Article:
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Fountain by Marcel Duchamp. 1917
Fountain by Marcel Duchamp. 1917

Avant-garde in French means front guard, advance guard, or vanguard. People often use the term to refer to people or works that are novel or experimental, particularly with respect to art, culture and politics.

Basically, Avant-garde pushes the boundaries of what is accepted as the norm within definitions of Art/Culture/Reality. It is the sharp edge, where things arise.

The vanguard, a small troop of highly skilled soldiers, explores the terrain ahead of a large advancing army and plots a course for the army to follow. This concept is applied to the work done by small bands of intellectuals and artists as they open pathways through new cultural or political terrain, for society to follow. Because of the implication of specialization of the avant-garde in military terms, some people feel the expression implies elitism when used to describe cultural movements.

The term also refers to the promotion of social progress and reform, the aims of its various movements presented in public declarations called manifestos. Over time, avant-garde became associated with movements concerned with art for art's sake, focusing primarily on expanding the frontiers of aesthetic experience, rather than with wider social reform.

The origin of the application of this french term to Art can be fixed at May 17, 1863, the opening of the Salon des Refusés in Paris, organised by painters whose work was rejected for the annual Paris Salon of officially sanctioned academic art. Salons des Refusés was held in 1874, 1875, and 1886.

By some assessments, avant-garde art includes street art, for example graffiti and any other movement which pushes forward the accepted boundaries; defining art in the future. It should be noted that avant garde is not only a style of art, such as surrealism or cubism, rather this term is generally applied toward the present moment. For instance: Where Marcel Duchamps' urinal may have been avant garde at the time, today if someone created it again it would not be avant garde beause it has already been done. Avant garde is therefore temporal and relating to the process of Art's unfolding in time. It can be applied to the forerunners of any new movements. However, Duchamp and his work, remain avant garde because he pushed Art forward, creating a new dialogue and definition with itself. Avant garde is relevant to Art because without these movements Art itself would stagnate and become dormant and merely craft, repeating the same style over and over. The term is most commonly applied to the visual arts, fashion, film, and literature but also to intellectual and new approaches to politics or culture.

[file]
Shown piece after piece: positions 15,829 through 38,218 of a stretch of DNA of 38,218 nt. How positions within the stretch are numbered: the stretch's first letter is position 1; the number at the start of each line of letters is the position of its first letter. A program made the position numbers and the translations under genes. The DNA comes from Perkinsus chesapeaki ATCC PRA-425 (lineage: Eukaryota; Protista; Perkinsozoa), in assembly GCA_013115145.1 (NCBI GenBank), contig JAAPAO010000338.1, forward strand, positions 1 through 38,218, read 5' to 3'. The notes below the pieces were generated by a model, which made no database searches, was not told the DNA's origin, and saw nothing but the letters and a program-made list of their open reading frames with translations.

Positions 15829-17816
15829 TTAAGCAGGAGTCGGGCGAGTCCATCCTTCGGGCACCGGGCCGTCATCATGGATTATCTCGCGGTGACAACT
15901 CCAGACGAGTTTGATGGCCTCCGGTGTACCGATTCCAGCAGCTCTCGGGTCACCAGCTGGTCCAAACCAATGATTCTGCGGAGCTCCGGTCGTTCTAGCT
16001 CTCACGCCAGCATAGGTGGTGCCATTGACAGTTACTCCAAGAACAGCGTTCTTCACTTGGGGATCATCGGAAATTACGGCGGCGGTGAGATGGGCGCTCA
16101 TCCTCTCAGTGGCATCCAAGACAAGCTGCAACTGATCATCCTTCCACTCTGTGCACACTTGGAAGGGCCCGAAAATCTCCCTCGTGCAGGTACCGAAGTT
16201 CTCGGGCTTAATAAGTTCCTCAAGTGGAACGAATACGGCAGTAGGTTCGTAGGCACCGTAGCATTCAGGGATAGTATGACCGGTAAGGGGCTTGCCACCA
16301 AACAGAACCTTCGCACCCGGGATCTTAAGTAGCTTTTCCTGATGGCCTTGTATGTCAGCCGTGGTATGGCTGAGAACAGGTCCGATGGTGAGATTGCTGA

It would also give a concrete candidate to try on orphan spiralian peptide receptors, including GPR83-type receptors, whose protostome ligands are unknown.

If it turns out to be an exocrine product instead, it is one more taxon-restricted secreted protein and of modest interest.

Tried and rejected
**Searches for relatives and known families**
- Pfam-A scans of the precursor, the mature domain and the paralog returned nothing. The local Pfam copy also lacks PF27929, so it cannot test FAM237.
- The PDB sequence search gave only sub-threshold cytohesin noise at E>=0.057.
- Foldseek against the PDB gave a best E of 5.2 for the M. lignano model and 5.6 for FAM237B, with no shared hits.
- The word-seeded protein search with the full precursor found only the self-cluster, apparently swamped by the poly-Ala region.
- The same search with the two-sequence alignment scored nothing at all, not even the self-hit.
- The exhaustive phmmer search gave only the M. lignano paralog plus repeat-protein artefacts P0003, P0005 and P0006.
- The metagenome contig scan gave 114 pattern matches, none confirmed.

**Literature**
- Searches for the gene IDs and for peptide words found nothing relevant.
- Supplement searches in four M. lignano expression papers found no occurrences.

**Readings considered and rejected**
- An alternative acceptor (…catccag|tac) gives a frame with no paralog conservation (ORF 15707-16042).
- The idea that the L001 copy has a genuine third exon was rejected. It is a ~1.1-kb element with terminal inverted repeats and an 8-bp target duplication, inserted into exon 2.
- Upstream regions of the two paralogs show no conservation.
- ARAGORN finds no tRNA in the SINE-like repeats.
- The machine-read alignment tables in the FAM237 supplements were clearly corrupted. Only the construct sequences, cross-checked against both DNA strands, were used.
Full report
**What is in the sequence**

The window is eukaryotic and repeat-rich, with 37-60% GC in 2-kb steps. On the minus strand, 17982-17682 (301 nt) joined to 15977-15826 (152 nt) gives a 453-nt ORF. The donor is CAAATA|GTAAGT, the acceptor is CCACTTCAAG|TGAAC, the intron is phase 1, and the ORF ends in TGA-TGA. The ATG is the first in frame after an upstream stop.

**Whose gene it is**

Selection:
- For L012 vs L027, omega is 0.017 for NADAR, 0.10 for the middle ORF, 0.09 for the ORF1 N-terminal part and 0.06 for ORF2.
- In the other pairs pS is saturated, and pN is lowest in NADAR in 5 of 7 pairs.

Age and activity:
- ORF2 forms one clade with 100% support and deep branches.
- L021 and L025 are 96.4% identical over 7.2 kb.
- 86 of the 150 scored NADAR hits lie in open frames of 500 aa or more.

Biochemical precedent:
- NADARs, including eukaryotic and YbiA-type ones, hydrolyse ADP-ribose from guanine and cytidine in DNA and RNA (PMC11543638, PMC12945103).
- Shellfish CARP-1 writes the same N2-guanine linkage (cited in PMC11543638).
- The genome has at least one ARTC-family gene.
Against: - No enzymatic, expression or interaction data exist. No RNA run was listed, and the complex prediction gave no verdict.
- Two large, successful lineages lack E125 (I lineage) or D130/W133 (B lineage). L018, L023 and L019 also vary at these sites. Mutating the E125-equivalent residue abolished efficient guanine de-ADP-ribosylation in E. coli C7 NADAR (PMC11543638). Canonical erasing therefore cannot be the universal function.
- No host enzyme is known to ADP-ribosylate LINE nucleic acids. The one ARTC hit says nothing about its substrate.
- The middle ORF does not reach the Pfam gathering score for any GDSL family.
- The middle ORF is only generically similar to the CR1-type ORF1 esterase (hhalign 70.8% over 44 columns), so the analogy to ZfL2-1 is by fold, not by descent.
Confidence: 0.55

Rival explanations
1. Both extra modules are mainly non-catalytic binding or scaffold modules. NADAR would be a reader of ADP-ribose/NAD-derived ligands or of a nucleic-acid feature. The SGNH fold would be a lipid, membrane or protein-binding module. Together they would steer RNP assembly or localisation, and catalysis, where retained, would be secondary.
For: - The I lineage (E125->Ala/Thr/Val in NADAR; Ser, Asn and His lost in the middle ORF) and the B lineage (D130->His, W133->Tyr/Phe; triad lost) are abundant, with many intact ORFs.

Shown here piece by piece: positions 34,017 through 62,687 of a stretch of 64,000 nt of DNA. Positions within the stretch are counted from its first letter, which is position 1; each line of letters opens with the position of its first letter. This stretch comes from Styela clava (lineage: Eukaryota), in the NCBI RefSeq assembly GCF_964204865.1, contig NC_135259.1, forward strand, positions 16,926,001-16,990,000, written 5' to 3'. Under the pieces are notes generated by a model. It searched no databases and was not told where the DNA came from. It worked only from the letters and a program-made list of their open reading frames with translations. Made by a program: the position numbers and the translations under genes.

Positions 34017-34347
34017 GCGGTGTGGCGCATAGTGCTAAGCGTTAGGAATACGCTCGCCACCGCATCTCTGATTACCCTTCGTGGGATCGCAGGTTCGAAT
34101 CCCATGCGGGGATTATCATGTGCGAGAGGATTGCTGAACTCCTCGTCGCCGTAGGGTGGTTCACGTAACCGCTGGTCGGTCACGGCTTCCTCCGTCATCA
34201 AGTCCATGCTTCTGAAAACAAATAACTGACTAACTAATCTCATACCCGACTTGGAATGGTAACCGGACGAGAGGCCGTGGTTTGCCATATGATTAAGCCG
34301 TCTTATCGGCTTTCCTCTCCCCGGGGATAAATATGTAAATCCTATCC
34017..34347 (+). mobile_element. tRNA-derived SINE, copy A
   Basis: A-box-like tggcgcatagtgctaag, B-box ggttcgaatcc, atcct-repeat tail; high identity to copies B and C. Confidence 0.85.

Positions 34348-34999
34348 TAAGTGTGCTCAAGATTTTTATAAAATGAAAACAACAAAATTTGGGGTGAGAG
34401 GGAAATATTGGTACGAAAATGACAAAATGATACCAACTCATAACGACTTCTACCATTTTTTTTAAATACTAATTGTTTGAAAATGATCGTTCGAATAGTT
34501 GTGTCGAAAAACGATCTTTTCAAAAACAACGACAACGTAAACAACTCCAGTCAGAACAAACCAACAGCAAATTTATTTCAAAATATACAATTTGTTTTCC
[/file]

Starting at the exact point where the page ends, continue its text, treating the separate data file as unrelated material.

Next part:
Examples of avant-garde

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